Government can print money, but it can't print the things that you buy with money.  This is called inflation, and it usually ends with massive bloodshed.

I suspect bloodshed happens when money is issued to corps and governments. Inflation from a GMI would be a mundane fact of life.
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September 24, 2011, 06:04:05 PM
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I'm not sure how this profile thing can work.

Suppose I introduce a friend to Bitcoin today, and he uses it regularly from now on, he would earn a profile under your system in X number of years.

Now suppose I get a new IP, fresh install a new bitcoin client, and uses this puppet account regularly from now on. How would you prevent this puppet account from earning a profile in X number of years?
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September 25, 2011, 12:41:49 AM
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Now suppose I get a new IP, fresh install a new bitcoin client, and uses this puppet account regularly from now on. How would you prevent this puppet account from earning a profile in X number of years?

Forget the profile. Income could be determined by how much human work is performed via the node. The work would have to be non-competitive yet still useful to the network.

It looks tempting to say why not let employers offer work for a minimum wage but this wouldn't work because an employer with a good reputation could exploit new workers. I know ripple-pay avoids this but it isn't anonymous.

As for preventing a single human earning more than one GMI:

- The location (position, velocity, acceleration) of the node is determined by peers via WiFi radar.
- A specific node's radius couldn't be used by a trespassing node at least for earning income.
- The work would have to be completed in continuous chunks which would add up to a maximum of 12.01 hours per 24 hour period.

Not too happy with the last requirement but I saw GMI as a way of undermining existing currencies. Guaranteed work could still have this effect.
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September 25, 2011, 01:52:03 AM
 #8

Bitcoin is not a valid answer to governments stealing via taxes. Here's why:
1. Government money can be printed and issued as a guaranteed minimum income (GMI).
2. The only advantage Bitcoin offers to general users is anonymity, which most people don't care about.
3. Since governments already provide a limited GMI, obviously most people would still rather support government currencies than use Bitcoin.
I would have to disagree with number two. First example that comes to mind would be drugs. Not even illegal drugs. Viagra, or anything that could be embarrassing (heroin addiction is, in my opinion, embarrassing). What about locally illegal products? If I lived in Cuban (before 2011!) I would love to have driven a car made in 2000. The 90's. Hell, the 80's would have been an upgrade. Get my point? There are MANY places when anonymity is required and a third party simply isn't enough.

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September 26, 2011, 12:58:34 PM
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I wasted all this time responding to an obvious troll. Kudos!

Well by the time I finished the post I realised software probably isn't the answer. An offline method like face to face distribution by humans is the only thing I can think of. Modern day robin hoods.

I don't think most people would prefer government currencies because governments provide GMI. Using an inflationary currency is more harmful to the user, and inflation taxes hurt poor people more. No one will "take one for the team".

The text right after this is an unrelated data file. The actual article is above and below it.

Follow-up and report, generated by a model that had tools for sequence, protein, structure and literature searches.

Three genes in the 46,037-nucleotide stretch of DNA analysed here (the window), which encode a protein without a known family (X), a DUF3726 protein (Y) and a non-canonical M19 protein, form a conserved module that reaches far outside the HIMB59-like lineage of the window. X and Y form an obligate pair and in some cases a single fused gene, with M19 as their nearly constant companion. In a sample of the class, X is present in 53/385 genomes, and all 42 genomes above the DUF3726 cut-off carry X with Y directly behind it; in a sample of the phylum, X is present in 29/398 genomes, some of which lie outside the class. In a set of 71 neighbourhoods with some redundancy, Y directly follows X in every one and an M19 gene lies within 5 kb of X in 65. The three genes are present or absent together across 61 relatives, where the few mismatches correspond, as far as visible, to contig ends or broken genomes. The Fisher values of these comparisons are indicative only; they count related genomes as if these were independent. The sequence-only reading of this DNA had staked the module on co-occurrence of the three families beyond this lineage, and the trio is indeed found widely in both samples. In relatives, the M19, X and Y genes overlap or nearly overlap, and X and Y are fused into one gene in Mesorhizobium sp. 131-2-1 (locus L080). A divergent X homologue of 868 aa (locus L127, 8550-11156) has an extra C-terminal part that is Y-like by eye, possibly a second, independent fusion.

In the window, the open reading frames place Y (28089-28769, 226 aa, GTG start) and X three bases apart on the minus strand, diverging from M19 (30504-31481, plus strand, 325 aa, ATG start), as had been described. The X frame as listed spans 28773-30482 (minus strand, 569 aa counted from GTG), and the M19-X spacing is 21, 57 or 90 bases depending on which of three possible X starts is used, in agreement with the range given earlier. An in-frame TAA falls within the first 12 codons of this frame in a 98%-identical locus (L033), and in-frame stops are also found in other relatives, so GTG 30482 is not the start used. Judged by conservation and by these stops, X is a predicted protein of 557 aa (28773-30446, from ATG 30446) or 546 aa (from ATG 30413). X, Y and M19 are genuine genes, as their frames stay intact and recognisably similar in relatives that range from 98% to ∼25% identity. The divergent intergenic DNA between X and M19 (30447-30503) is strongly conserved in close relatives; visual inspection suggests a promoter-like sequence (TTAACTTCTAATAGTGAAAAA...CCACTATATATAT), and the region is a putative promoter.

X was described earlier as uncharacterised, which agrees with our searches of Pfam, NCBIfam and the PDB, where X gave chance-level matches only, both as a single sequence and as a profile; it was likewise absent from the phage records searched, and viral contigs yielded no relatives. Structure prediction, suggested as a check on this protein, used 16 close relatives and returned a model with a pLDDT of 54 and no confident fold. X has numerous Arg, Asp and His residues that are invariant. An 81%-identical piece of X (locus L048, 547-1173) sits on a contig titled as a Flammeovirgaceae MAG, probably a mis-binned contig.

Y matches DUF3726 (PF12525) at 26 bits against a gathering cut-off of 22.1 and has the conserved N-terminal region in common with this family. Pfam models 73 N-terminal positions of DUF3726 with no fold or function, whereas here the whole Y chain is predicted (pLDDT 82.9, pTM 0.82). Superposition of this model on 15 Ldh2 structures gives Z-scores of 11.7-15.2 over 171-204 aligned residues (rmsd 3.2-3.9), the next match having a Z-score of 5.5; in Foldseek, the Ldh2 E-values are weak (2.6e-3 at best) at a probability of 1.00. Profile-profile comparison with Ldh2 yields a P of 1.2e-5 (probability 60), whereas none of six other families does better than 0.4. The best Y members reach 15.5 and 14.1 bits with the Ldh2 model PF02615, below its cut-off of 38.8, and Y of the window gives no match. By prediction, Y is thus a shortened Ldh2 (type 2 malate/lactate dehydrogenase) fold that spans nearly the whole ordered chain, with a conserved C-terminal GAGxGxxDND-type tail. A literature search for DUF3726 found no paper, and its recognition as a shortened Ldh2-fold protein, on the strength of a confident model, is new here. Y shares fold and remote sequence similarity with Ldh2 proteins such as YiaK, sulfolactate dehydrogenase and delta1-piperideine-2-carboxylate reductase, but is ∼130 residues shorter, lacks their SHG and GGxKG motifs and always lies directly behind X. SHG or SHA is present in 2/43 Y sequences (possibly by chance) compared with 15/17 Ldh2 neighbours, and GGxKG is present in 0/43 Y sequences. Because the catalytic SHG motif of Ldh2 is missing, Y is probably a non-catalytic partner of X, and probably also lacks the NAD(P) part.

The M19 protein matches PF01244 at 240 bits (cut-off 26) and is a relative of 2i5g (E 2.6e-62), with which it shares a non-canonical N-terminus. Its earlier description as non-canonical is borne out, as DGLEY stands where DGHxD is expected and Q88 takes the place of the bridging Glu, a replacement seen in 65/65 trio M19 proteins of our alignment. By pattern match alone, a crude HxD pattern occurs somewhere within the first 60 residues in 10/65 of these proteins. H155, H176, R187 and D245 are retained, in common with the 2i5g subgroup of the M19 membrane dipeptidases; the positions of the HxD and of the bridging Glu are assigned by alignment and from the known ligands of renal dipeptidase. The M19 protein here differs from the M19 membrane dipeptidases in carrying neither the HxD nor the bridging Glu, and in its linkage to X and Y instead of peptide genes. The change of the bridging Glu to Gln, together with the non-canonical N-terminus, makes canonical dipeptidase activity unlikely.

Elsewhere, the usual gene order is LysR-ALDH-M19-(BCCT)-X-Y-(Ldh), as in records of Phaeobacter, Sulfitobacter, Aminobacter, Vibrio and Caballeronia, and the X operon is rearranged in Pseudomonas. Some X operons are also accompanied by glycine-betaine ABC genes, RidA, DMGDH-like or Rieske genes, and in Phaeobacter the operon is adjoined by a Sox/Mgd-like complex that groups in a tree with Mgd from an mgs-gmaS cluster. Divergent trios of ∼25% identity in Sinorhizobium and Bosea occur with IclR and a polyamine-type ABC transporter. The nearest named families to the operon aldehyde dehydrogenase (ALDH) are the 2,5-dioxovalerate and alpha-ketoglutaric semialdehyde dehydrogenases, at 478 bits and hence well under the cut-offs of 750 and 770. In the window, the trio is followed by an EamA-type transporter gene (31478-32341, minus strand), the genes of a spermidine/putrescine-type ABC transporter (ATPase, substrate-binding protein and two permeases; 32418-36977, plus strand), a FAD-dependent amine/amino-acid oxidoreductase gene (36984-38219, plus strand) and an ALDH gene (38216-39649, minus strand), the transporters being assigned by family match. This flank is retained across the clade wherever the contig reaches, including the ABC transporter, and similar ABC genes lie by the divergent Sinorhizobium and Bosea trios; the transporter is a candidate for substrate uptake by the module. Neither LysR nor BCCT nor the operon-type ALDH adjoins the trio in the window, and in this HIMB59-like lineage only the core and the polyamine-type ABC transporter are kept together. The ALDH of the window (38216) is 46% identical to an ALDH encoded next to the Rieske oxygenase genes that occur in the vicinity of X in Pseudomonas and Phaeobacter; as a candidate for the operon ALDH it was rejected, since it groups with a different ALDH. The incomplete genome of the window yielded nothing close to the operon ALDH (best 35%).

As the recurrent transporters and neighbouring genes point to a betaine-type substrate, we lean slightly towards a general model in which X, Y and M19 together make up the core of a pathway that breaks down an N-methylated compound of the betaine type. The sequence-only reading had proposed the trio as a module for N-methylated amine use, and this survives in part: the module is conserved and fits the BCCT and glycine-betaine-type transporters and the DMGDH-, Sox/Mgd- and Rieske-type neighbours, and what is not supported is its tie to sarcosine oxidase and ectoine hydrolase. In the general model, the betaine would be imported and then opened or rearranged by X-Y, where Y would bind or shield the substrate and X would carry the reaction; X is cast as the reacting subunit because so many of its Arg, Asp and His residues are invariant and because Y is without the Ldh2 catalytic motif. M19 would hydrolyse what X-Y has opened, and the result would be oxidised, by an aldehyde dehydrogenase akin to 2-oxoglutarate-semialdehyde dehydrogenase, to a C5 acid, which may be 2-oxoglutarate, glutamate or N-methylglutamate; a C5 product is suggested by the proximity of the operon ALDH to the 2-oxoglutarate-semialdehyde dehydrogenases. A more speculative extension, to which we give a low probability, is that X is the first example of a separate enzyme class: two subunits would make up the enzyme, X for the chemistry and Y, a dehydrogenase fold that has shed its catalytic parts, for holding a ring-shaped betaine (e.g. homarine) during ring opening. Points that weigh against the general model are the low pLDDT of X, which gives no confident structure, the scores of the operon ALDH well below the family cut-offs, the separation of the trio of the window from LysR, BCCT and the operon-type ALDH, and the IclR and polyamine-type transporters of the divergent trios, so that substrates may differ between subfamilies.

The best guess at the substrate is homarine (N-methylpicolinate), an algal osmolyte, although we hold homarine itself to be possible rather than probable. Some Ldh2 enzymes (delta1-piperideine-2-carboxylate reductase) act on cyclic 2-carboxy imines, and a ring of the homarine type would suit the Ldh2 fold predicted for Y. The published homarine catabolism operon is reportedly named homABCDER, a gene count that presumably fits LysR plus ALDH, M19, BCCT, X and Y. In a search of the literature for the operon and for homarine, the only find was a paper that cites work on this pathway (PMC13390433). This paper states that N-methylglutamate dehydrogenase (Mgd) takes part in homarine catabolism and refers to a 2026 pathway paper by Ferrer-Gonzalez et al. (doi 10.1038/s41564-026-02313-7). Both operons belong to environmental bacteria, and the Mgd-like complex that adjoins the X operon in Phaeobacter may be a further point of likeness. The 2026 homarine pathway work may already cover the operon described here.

I expected free market enthusiasts to bash the idea, but I think a GMI is a capitalist ideal. It increases market fluidity both directly and by preventing money hoarding. We're already at the stage where governments are trying in vain to establish the information economy. It's time to let go of outdated work ethics.

My concerns are more pragmatic than free market enthusiasm. If it's opt-in, why would someone choose this currency over other cryptocurrencies? Keep in mind that individuals don't choose options that are best for everyone involved, but focus on short-term selfish benefit. So even if GMI is desirable, the system still might not work as intended.

If you're doing face-to-face distribution, who collects and distributes the cash? You?
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September 27, 2011, 06:30:57 PM
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Viagra, or anything that could be embarrassing (heroin addiction is, in my opinion, embarrassing).

Good point. Maybe I can refute it if I modify my statement so it says care less about privacy than security?  

... If I lived in Cuban (before 2011!) I would love to have driven a car made in 2000. The 90's. Hell, the 80's would have been an upgrade. Get my point? There are MANY places when anonymity is required and a third party simply isn't enough.

I'm sorry I don't understand how a cryptocurrency would effect buying a more expensive car in a socialist state. Unless you mean the anonymity would have toppled the government?

If it's opt-in, why would someone choose this currency over other cryptocurrencies? Keep in mind that individuals don't choose options that are best for everyone involved, but focus on short-term selfish benefit. So even if GMI is desirable, the system still might not work as intended.

It really depends on the economic landscape and political attitudes. If unemployment rises above 50%, or if you could convince 60% of the population that their jobs are fundamentally worthless, then hopefully this type of system would be attractive to the majority.

If you're doing face-to-face distribution, who collects and distributes the cash? You?

You're right this idea was stupid. It's why I started thinking about WiFi, but as I mentioned I wasn't happy with the forced menial labour. My question now is whether the network could monitor a combination of a user's physical movements and general online interactions. Would this be enough to prevent fake humans using the network?